If games were played only from inning two on, the Chicago Cubs would be just about unstoppable these days.
But, you know, the first inning counts.
And that’s the inning in which the Cubs have allowed a whopping 20 runs in their last 10 games, a stretch in which they’ve allowed 51 runs overall. Giving up 5.1 runs per game is bad enough, but when 40% of those runs came right out of the gate? I know these Cubs can comeback, but what a tall task to ask of the bats and the bullpen every single time out.
The issue, of course, has been the starting pitching.
I don’t want to totally ignore the isolated flukey stuff you could point to in a still relatively small sample (look at last night: Hanley Ramirez hits a nothing squibber that easily could have been an out to stem the bleeding long before it got out of hand, Jackie Bradley Jr.’s grounder after that was a perfectly-placed inning-ending double play that got through the shift).
But I also think it would be crazy to ignore, through nearly a month of action, the woeful overall performance by a starting pitching unit that was expected to be among the best in baseball.
The Cubs’ starter ERA (4.26) is 7th worst in the NL. Their FIP (4.26) is right in the middle of the pack, at 8th. Their xFIP (3.80) is actually 5th best, which would normally comfort you into saying “eh, they should get better results soon,” but given that xFIP does its magic by normalizing HR/FB rate, and given how much hard, fly ball contact the starters are giving up … I am not as ready to chalk it up to something that’ll straighten out on its own.
Of course, it’s weird to talk about a group of five individual pitchers, each dealing with his own issues, as a singular unit.
One, Brett Anderson, wasn’t on the Cubs last year, and essentially didn’t pitch in the big leagues after back surgery, so he was always going to be a lottery ticket. So far, his peripherals are not great, but his 3.54 ERA is actually best among the starting rotation. Go figure.
The other four, however, were among the best pitchers in the league for the Cubs last year. In the early going here, some things I notice at a casual glance, much of which point to a whole lot bad luck. I’m not ready to say that’s all we’re dealing with here – because we’ve all seen the command troubles and velocity issues – but it did take me aback a bit this morning to really consider some of these numbers.
- As for Jake Arrieta, his strikeout rate is up, his walk rate is way down, and, outside of a handful of poorly-located pitches early in his last two starts, has actually looked pretty good this year if you’re watching. It’s interesting that his HR/FB ratio is a whopping 21.4%, double his career mark. He’s also sporting a BABIP that’s 83 points higher than last year. Some of both of those things is that his hard contact rate is up this year. He’s also getting far, far fewer grounders so far this year (42.5%) than last year (52.6%) or the year before (56.2%). Anecdotally? I think Arrieta’s had trouble keeping the ball down, especially early in his starts.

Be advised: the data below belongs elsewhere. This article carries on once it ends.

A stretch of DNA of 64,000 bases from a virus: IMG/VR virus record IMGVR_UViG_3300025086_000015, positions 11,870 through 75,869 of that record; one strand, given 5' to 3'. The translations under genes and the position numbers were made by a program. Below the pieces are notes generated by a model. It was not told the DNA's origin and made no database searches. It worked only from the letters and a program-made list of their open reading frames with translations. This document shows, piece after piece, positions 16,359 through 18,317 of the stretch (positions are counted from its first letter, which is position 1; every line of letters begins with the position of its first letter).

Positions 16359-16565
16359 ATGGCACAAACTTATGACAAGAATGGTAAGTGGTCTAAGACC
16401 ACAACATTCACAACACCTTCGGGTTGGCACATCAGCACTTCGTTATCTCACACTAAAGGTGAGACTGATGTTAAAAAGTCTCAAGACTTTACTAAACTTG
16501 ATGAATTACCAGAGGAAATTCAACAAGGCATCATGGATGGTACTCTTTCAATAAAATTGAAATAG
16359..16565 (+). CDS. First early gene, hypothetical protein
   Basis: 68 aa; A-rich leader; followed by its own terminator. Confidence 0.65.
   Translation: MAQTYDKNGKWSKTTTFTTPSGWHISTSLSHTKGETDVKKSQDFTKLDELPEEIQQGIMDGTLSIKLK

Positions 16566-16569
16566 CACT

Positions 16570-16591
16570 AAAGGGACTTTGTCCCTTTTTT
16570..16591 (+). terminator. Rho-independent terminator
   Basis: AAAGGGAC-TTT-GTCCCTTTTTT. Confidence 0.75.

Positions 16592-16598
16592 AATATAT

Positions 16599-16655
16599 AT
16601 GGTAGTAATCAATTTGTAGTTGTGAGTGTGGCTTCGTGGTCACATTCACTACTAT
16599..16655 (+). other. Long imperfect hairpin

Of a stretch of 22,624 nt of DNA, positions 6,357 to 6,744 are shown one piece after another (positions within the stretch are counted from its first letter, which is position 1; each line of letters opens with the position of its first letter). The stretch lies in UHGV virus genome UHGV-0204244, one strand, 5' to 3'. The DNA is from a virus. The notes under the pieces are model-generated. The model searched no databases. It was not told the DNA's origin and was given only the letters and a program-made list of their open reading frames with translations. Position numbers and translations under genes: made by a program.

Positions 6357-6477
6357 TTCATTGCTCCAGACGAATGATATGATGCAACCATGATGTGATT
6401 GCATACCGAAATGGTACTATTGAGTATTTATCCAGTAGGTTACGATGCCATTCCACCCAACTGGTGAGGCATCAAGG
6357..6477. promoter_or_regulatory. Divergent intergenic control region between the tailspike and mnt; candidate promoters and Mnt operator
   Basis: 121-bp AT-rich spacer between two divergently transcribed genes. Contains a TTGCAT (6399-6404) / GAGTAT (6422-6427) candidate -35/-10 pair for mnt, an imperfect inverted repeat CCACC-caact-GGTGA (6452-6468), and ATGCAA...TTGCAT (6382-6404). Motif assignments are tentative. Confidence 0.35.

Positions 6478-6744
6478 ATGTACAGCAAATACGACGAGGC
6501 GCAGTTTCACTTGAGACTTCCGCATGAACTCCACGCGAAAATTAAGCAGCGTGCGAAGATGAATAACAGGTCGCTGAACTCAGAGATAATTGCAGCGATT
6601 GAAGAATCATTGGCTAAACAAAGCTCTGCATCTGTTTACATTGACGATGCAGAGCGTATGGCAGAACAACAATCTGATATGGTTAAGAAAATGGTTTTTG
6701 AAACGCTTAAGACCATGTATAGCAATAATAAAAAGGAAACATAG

- We dug into Jon Lester a couple days ago, after his latest rough start (which he felt was the best he’s thrown all year). There are definitely questions right now about his command and how many bats he’s missing, but, like Arrieta, he’s dealing with a BABIP that is 93(!) points higher than last year so far.
- John Lackey is another one that I could easily make the argument for bad luck in a small sample: his BABIP is up 22 points, his HR/FB ratio is over 20%, his LOB rate is a ridiculously low 62.5% (i.e., bad luck in sequence of hits), his groundball rate is up, and his strikeout rate and walk rate are nearly identical to last year. If you went just by the numbers, you’d say Lackey’s 4.88 ERA so far has been a total mirage. Do our eyes agree? I’m not sure. I feel like – much like with the other starters – he’s looked extremely hittable in the first inning or two of his starts (which is why he’s given up runs in every single first inning he’s pitched this year). Or has he just been unlucky? Remember those three first inning runs he gave up against the Cardinals in his debut? Remember how they followed a botched routine double play? Cut out the two not-really-earned runs from that one and his ERA drops all the way to 4.13. I have to keep reminding myself (and you) that the samples here are so small.
- Then there’s Kyle Hendricks, who feels like a unique animal, insofar as he really did have legit struggles in his first few starts, and the numbers aren’t going to tell you much that you don’t already know: he was simply getting hit too hard because he had no command and no velocity. But things started to “click” last time out, according to Hendricks. His numbers, overall, read like a pitcher who has not pitched all that well (4.50 ERA) and who has pretty much deserved those results (4.49 xFIP). On Hendricks, though, I’m just interested to see how the mechanical clicking improves his performance over the next couple months.
- It’s way too early to intelligently comment on overall team defense, but we know how intimately its performance is intertwined with BABIP, and thus pitcher results. In the aggregate, I could make an argument that these early numbers suggest the Cubs’ previously historic defense has been much less than that so far this year, but I’m reticent to go too far on that, because we need to see a whole lot more before we can get there.